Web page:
Peak flow as a predictor of cause-specific mortality in China: results from a 15-year prospective study of ~170,000 men.
Smith M., Zhou M., Wang L., Peto R., Yang G., Chen Z.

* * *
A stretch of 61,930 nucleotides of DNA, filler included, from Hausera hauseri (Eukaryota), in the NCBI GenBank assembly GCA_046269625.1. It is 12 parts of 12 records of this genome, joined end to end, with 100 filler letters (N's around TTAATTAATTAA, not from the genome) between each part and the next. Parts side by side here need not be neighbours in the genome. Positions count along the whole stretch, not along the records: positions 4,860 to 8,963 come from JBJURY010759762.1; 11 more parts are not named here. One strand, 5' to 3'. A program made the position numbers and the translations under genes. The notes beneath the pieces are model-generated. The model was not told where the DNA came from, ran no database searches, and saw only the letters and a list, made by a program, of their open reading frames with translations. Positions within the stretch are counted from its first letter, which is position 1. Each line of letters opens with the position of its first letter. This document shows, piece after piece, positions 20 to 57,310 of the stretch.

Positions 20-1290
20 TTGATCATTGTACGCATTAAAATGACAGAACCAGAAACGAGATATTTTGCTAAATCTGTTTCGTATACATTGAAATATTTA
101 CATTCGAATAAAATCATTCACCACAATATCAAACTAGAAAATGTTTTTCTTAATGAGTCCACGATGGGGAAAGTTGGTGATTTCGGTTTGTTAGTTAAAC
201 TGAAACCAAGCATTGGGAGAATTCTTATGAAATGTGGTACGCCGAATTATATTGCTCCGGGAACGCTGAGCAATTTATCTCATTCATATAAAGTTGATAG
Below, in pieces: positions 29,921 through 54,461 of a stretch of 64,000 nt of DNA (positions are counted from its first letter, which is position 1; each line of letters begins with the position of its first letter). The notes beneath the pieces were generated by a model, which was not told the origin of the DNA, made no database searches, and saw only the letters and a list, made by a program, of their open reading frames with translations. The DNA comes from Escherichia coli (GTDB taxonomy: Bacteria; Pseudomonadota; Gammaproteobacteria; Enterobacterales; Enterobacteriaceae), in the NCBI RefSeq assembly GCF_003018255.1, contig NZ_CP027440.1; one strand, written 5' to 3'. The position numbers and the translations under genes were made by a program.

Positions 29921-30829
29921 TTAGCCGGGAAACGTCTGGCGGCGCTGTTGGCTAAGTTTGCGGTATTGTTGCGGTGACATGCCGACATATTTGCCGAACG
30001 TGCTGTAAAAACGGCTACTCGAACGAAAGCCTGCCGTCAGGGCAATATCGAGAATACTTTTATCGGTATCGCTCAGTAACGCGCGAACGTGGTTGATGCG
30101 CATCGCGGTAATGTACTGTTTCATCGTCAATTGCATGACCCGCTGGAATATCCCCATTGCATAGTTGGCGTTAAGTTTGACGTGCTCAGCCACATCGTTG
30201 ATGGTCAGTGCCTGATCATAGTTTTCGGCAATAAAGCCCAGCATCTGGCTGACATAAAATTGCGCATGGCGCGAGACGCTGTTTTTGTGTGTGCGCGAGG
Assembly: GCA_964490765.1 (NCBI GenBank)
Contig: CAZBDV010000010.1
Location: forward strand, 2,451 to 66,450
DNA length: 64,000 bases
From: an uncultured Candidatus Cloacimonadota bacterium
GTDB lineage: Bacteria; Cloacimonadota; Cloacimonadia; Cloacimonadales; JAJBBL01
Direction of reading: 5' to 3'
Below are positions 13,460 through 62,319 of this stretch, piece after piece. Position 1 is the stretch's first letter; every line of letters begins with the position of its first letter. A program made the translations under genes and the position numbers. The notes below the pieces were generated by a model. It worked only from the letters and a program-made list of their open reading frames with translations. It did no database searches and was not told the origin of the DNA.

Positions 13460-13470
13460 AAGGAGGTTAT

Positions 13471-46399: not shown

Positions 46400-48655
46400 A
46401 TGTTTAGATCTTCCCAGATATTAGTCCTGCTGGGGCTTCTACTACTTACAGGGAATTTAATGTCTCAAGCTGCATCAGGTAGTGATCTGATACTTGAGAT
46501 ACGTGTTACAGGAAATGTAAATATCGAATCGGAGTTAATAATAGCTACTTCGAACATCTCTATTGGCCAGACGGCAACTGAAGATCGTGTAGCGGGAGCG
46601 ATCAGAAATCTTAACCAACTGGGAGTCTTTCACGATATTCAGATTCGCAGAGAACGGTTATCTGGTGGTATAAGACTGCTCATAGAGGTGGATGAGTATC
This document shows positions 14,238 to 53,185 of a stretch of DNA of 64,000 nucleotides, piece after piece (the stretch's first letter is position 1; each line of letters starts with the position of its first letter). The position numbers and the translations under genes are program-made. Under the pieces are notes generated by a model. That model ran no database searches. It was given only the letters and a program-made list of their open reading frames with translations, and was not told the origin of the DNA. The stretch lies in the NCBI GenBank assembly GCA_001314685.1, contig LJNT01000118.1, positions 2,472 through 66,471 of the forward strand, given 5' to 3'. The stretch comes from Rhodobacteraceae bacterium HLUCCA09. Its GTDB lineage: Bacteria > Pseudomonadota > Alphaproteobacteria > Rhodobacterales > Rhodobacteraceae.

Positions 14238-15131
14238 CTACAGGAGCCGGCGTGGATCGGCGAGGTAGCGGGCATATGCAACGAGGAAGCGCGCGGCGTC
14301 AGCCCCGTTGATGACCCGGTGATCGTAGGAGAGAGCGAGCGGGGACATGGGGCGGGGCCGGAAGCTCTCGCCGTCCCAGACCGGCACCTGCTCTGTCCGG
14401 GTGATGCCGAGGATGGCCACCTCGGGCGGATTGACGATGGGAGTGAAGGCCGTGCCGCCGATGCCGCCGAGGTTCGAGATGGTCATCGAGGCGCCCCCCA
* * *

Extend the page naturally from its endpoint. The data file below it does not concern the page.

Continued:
BACKGROUND: Forced expiratory volume in one second (FEV1) is inversely associated with mortality in Western populations, but few studies have assessed the associations of peak expiratory flow (PEF) with subsequent cause-specific mortality, or have used populations in developing countries, including China, for such assessments. METHODS: A prospective cohort study followed ~ 170,000 Chinese men ranging in age from 40-69 years at baseline (1990-1991) for 15 years. In the study, height-adjusted PEF (h-PEF), which was uncorrelated with height, was calculated by dividing PEF by height. Hazard ratios (HR) for cause-specific mortality and h-PEF, adjusted for age, area of residence, smoking, and education, were calculated through Cox regression analyses. RESULTS: Of the original study population, 7068 men died from respiratory causes (non-neoplastic) and 22 490 died from other causes (including 1591 from lung cancer, 5469 from other cancers, and 10 460 from cardiovascular disease) before reaching the age of 85 years. Respiratory mortality was strongly and inversely associated with h-PEF. For h-PEF ≥ 250 L/min, the association was log-linear, with a hazard ratio (HR) of 1.29 (95% CI: 1.25-1.34) per 100 L/min reduction in h-PEF. The association was stronger but not log-linear for lower values of h-PEF. Mortality from combined other causes was also inversely associated with h-PEF, and the association was log-linear for all values of h-PEF, declining with follow-up, with HRs per 100 L/min reduction in h-PEF of 1.13 (1.10-1.15), 1.08 (1.06-1.11), and 1.06 (1.03-1.08) in three consecutive 5-year follow-up periods. Specifically, lower values of h-PEF were associated with higher mortality from cardiovascular disease and lung cancer, but not from other cancers. CONCLUSIONS: A lower value of h-PEF was associated with increased mortality from respiratory and other causes, including lung cancer and cardiovascular disease, but its associations with the other causes of death declined across the follow-up period.